It can be a horrible experience, and we would all like to avoid them - but the truth is most of the general population have had some sort of headache, at some time in their lives.
But spare a thought for those who are worse off!
A significant part of the population experience severe, often incapacitating headache such as Migraine or Cluster Headache - or they have frequent headaches, such as “Chronic Daily Headache", that not only affect the quality of their lives but also their productivity.
If you're one of these people, you're not alone - and there are many ways to treat or manage these conditions, and finding the right treatment for you requires taking a logical approach.
In Medicine the logical, step-by-step approach that medical practitioners take to diagnose and treat symptoms is called a “Diagnostic Pathway".
It's very useful in many conditions, but none more so than in the management of headache because, as a headache sufferer, your involvement in the Diagnostic Pathway substantially affects your ability to receive the right treatment.
This is because diagnosis of headache is usually dependent solely on the verbal history you give to your doctor - and the clearer that is given, the better.
In making a headache diagnosis, one of the most important key features is the frequency of the headache. That is, how often in a period of time (say, in one month) the headache occurs.
On the basis of this, your treating doctor will begin by categorizing the headache into one of two categories - the first step towards developing an appropriate treatment.
These can include “Episodic" headaches - those occurring on less than 15 days of the month on average; and “Chronic" headaches - those occurring, on average, on more than half the days of the month.
From that point, your medical practitioner is more easily able to diagnose your headache.
The most common “Episodic" headaches are Migraine, Episodic Tension Headache, Cluster Headache.
"Chronic" headaches include Chronic Tension Type Headache, New Daily Persistent Headache, Transformed Migraine(or Chronic Migraine) and Hemicrania Continua.
This is why it's so valuable to keep a dairy of the number of headache attacks per month - because it's of such value for the medical practitioner when the patient comes for the initial consultation.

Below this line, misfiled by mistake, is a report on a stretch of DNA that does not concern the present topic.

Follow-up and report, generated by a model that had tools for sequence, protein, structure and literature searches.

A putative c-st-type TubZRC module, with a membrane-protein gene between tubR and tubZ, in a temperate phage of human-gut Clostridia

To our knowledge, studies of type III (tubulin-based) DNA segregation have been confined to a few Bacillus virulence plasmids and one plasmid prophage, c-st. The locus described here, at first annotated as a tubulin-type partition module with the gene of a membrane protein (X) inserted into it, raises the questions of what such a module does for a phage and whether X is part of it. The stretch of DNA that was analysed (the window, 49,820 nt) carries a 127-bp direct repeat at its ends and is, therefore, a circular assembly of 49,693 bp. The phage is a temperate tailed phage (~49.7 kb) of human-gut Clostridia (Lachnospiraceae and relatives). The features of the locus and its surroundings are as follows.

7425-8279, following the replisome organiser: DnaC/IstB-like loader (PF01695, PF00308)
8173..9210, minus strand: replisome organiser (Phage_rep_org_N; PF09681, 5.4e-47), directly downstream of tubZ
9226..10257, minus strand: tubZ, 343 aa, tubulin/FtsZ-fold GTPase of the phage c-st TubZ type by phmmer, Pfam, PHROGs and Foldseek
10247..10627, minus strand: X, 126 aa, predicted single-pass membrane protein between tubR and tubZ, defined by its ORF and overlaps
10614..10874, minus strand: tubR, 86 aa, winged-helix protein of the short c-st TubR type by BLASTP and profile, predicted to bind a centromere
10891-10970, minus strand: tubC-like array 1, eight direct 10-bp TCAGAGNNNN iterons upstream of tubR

It's the beginning of a logical, step-by-step approach to not only making the correct diagnosis, but planning the correct treatment for the headache sufferer.
The first step in treating a headache patient is making a headache diagnosis. No headache is ‘just a headache’ and each headache type needs a specific management strategy.
One of the easiest ways to correctly define and diagnose headache is by frequency, this immediately putting it into either the Episodic or the Chronic category. From there on, the features of headache will define exactly what type of headache it is.
Unlike (say) a skin rash, the nature of a headache means it's often difficult to assess the symptoms without the patient's own verbal input into the diagnosis.
This is why your involvement, as a patient, is so important to headache diagnosis.
According to Dr Jacques Joubert, “No-one but the patient knows best how frequent his or her headaches are, and this is where the patient-held diary is so valuable. "
Dr Jacques Joubert (MbChB, MRCP, FRACP, MD) is a neurologist working in both clinical practice and medical research. He has had a long-standing interest in headache diagnosis in clinical practice as well as the effective management of headache.
Dr Joubert's approach is a unique melding of scientific rigor with a comprehensive view of the patient in their environment.
To read more of Dr Jacques Joubert's work, visit http://www.racgp.org.au/afp/200508/5991